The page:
HACIENDA HEIGHTS, Calif. --The "Pokemon Go" craze has some critics complaining the players are obsessed and getting into trouble for trespassing onto private property, but one California family is praising the game, saying it has brought the family together, especially a child with autism.
For Dianna Blake and her 14-year-old son, Matthew, "Pokemon Go" is much more than just the hottest video game in the country.
"Matthew is high-functioning autistic, so communication is not always easy, and finding something that we both have in common isn't easy either," Dianna Blake said.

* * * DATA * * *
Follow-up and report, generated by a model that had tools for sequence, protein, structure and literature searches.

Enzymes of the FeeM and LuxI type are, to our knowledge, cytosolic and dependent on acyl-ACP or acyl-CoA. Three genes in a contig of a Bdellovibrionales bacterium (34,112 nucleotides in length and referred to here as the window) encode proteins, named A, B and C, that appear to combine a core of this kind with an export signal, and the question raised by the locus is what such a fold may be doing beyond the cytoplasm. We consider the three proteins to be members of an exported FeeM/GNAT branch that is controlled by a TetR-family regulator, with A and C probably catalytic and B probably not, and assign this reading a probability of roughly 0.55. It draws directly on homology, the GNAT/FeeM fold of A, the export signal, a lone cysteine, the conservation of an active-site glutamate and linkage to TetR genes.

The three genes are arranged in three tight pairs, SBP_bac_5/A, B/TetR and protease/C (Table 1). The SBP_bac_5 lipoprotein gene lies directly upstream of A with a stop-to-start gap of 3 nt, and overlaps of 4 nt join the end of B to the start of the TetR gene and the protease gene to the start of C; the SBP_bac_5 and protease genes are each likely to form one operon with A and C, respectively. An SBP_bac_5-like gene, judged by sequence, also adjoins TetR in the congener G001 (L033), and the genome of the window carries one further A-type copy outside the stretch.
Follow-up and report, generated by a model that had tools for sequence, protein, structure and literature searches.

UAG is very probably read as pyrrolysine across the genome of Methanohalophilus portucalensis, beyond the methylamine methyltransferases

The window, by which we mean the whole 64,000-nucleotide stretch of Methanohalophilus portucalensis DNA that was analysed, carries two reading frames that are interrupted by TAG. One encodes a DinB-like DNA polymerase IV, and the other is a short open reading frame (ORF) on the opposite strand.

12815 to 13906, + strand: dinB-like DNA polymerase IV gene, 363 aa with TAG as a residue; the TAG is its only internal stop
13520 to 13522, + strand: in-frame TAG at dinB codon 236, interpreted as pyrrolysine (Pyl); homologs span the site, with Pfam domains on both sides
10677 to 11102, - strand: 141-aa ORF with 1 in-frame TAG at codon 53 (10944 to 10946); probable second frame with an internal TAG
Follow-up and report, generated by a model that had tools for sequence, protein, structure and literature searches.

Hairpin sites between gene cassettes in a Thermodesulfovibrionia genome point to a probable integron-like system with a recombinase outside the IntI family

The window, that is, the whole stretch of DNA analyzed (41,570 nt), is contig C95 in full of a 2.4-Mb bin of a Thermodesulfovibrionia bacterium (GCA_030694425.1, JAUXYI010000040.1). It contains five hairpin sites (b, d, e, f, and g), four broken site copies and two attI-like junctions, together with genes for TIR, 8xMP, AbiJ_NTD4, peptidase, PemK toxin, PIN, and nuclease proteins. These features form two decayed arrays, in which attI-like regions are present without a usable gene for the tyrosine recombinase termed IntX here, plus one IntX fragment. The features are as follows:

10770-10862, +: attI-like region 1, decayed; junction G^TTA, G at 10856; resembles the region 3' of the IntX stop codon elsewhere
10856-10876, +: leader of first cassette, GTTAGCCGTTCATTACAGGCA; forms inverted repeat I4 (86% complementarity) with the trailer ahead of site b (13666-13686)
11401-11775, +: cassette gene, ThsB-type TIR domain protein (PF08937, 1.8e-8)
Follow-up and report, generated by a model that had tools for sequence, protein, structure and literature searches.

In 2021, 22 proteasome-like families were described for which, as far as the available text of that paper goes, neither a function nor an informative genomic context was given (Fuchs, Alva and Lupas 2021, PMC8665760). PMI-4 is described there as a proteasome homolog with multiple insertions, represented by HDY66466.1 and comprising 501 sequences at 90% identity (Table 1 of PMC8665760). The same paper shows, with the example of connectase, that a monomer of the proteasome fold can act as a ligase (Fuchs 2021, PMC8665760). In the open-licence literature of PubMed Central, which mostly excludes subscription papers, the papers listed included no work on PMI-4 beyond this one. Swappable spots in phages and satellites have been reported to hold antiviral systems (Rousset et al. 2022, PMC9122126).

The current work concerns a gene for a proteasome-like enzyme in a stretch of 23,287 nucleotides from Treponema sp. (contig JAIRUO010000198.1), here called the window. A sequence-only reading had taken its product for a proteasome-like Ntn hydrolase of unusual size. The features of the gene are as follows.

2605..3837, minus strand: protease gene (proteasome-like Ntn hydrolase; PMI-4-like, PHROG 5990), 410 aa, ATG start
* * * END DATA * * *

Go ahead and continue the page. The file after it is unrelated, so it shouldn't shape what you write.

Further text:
"Pokemon Go" is giving them a newfound connection as they search for hidden characters.
"I like spending time with my mom. It's fun. Me and her get to go out, look for Pokemon. Sometimes we take walks," said Matthew.
Matthew's mother said the game has given her an opportunity to learn from her son.
It's not just those diagnosed with autism spectrum disorder who find the game helpful. Those suffering with anxiety and depression have been speaking out on social media as well.
For the Blake family, it goes beyond just having fun. "Pokemon Go" is also helping Matthew with real-life skills.
"I've seen everything from collaboration, teamwork, problem-solving - those are all skills you need, not just in high school, in college, but for a job, so I'm hoping to find a way to take the confidence he has with that and put it in the real-world experience," Dianna Blake added.